Cloth simulation lead Emron Grover adds, “We’re really proud of Coco and everything Coco represents. The message that it gives to the whole world. To see it recognized, it makes us happy because the film is so beautiful. To have been a part of that, it’s an honor to me to work on a character like Hector. Though it was one small part, it was a part that was loved by the world. It’s humbling to be part of that.”
Kristopher Campbell: “It feels amazing. I don’t know what else to say. It’s super cool.”
David Hale adds, “It’s great to expand with more than just effects. We have crowds, we have simulations, work that’s more character based represented on screen. That’s really special -- expanding visual effects to not just be the explosions that these guys do amazingly well, but also the crowd work, the simulation work, the clothing, the hair and all the bits that go into making characters.”
Lead animator Dennis Yoo: “This feels incredible. This is one of those awards that comes from our peers and is the culmination of everything we’ve done and is like the cherry on the prize. We’re already proud of the work, but this is just amazing.”
Lead animator Ludovic Chailloleau adds, “It’s good to see that people enjoy what we did, that the love we put inside is recognized too. It’s great.”
Lead creature TD Tim Forbes concludes, “It’s important to notice that this is the third time Caesar has won it. Every time, we have to make it better than before. I thought Apes 2 was incredible. So, with Apes 3, we wondered what we could do to make it better. We had to lift the level again. I think we did that. The award is a testament to the amazing teamwork we had. Not just the four of us but a large number of other people. The collaboration made it a really fun project to work on. Being recognized by our peers makes all the hard work we put into the project even more worthwhile. We were already so happy with the work. This really tops it off.”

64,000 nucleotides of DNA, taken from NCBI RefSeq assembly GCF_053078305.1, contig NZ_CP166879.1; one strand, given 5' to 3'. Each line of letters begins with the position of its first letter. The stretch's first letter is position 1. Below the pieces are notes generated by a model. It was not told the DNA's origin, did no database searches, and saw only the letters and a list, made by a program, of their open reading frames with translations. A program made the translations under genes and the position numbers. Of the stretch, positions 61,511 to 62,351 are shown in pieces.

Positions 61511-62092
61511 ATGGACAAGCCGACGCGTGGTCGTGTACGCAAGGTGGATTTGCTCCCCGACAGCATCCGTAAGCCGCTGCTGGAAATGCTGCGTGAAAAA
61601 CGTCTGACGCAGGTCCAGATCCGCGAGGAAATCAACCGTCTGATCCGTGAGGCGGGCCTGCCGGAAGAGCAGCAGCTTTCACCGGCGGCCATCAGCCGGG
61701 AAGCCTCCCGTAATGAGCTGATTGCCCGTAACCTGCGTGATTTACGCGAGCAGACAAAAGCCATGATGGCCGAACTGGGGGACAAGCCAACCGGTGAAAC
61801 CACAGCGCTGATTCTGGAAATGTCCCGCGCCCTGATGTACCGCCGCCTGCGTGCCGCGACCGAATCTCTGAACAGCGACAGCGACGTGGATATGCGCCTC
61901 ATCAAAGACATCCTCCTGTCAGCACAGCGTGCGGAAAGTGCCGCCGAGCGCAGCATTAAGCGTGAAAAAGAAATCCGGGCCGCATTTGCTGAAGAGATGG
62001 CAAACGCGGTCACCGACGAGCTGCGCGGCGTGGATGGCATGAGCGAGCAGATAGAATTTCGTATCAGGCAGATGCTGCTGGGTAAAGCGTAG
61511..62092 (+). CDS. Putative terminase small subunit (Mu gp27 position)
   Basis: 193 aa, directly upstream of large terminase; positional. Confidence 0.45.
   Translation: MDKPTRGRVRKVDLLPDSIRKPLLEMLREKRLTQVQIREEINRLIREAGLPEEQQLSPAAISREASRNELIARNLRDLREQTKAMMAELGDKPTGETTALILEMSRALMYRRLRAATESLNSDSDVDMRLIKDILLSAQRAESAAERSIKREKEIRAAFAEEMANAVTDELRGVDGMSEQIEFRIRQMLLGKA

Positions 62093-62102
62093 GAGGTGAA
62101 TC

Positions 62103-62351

VFX supervisor Dan Lemmon: “That was awesome. The work is so strong this year that anyone could have won. We feel very lucky and honored to be recognized by a jury of our peers. Dan Barrett’s team of animators worked so hard to get all the detail we were seeing in the actors’ performances to carry through onto the apes. The facial anatomy of the apes is so different from the actors that were playing them. It’s a real challenge to figure out how to take what Andy Serkis is doing and translate that to something that looks like an ape. There is something wonderful about the craft, the process of sitting down and figuring out what it is that makes Andy’s performance so engaging. We had a tremendous partner in our director, Matt Reeves, who was so tuned into the story and the characters and the performances. He really had his finger on the pulse of what made these characters interesting and engaging. He kept us on target in terms of matching and being faithful to what the actors were doing.”
Animation supervisor Daniel Barrett concludes, “I’m very excited. Absolutely. It’s such a collaborative process. The performances would be nothing without the actors and what we see on screen would be nothing without the animators and the motion editors who did all the work to put them there. It’s a great thrill. We’re very, very happy.”
Dan Sarto is Publisher and Editor-in-Chief of Animation World Network.